This is why NoMaas' Lane Meyer was so unbelievably pumped when the Yankees got Brackman. The entire piece is too long to blockquote, so I'll pick out the best parts. The whole thing is worth reading, though.
Brackman wasn't just a "top talent” like any other draft pick, he was a "unique talent," too. Every year there are pitchers in the MLB draft that throw in the upper 90s, and they are considered the cream of the crop – the top talent available. Every year there are also the unique talents, too; the guys that have an advantage over the rest of their peers simply because of the way they are constructed physically. Most often, those players that are uniquely talented regarding their body types are not the top talents in the draft based on their raw performance skills. Teams may be interested in a guy because he’s 6’8” and throws in the low 90s, because they see his unique talent (size) and perceive the chance to work with him to raise the performance talent (his velocity) to an elite level. Conversely, there are players (think Daniel Bard) that draw interest from a “top talent” perspective, but aren’t unique from their peers from a developmental standpoint going forward – they don’t have anything about them physically that causes them to be seen as more intriguing than a similar performance talent.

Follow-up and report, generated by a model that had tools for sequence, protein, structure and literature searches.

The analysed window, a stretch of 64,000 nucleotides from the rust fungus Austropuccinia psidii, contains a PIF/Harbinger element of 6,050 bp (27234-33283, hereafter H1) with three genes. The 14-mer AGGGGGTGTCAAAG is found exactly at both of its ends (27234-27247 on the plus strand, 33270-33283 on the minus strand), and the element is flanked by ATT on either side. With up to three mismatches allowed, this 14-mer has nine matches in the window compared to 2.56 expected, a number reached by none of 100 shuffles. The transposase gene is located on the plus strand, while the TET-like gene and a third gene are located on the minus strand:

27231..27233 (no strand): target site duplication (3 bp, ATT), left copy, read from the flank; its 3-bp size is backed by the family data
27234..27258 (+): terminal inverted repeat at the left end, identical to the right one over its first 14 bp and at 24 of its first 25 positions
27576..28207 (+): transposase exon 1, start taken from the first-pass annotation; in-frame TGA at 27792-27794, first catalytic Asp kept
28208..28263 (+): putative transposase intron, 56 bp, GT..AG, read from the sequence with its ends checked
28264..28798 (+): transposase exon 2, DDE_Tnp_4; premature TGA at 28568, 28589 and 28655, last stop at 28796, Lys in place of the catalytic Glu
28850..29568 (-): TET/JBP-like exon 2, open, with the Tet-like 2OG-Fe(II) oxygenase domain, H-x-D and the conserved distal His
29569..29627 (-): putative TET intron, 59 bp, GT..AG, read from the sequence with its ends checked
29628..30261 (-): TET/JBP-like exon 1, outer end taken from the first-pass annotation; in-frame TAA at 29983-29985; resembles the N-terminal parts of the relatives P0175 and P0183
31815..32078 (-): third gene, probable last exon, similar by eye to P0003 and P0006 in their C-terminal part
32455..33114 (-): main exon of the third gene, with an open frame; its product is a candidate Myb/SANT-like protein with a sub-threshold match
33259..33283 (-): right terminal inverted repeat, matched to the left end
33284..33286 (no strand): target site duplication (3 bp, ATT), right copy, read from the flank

This is what has me so excited. Brackman is both a unique talent, in that he stands nearly seven feet tall, and an elite performance talent seeing as he sits in the mid 90s, topping out around 99 mph. His height can be a plus because the ball is released much closer to the plate than it is from a normal-sized pitcher, and thus gives the batter that much less time to execute a task that already pushes the limit of a human being’s reflexes and reaction time. This is why the Mariners were so excited about Ryan Anderson. This is one of the major reasons that Padres 6’10” pitcher Chris Young, despite sitting in the 88-92 range, is able to blow a fastball by Major League hitters. This is the reason that when Randy Johnson was in his prime hitters had almost no chance at catching up to his heater. A 97 MPH fastball thrown by Brackman from a release point nearly a foot closer to the plate is the equivalent of a normal-sized pitcher throwing 100 MPH or more.
HOWEVER, despite all of the potential pitfalls along the way, it is impossible to argue that Brackman has not only elite talent, but also a uniqueness physically; he literally has almost no comparables in the history of the sport. That is why he is so exciting to think about now. Originally the worries were about whether or not he would need surgery. Well, he did, he had it, and is now on the mend. The guessing game over his health is concluded, and what’s left is a prospect with a higher ceiling than perhaps any minor leaguer in any organization. Sure, that designation is nebulous, but when you consider everything already discussed here, it is difficult to think that any other player could have a greater upside than him.
He is going to be the single most fun prospect to follow in the coming months, regardless of the ultimate outcome of his career. If he fails it’s not because the Yankees made a terrible decision, it is because the flaws that every prospect has prevented him from developing. It is for the same reasons that the majority of first-round picks never amount to anything significant. However if he succeeds…oh man if he succeeds…
Now you know Andrew Brackman. We will be following him all year long.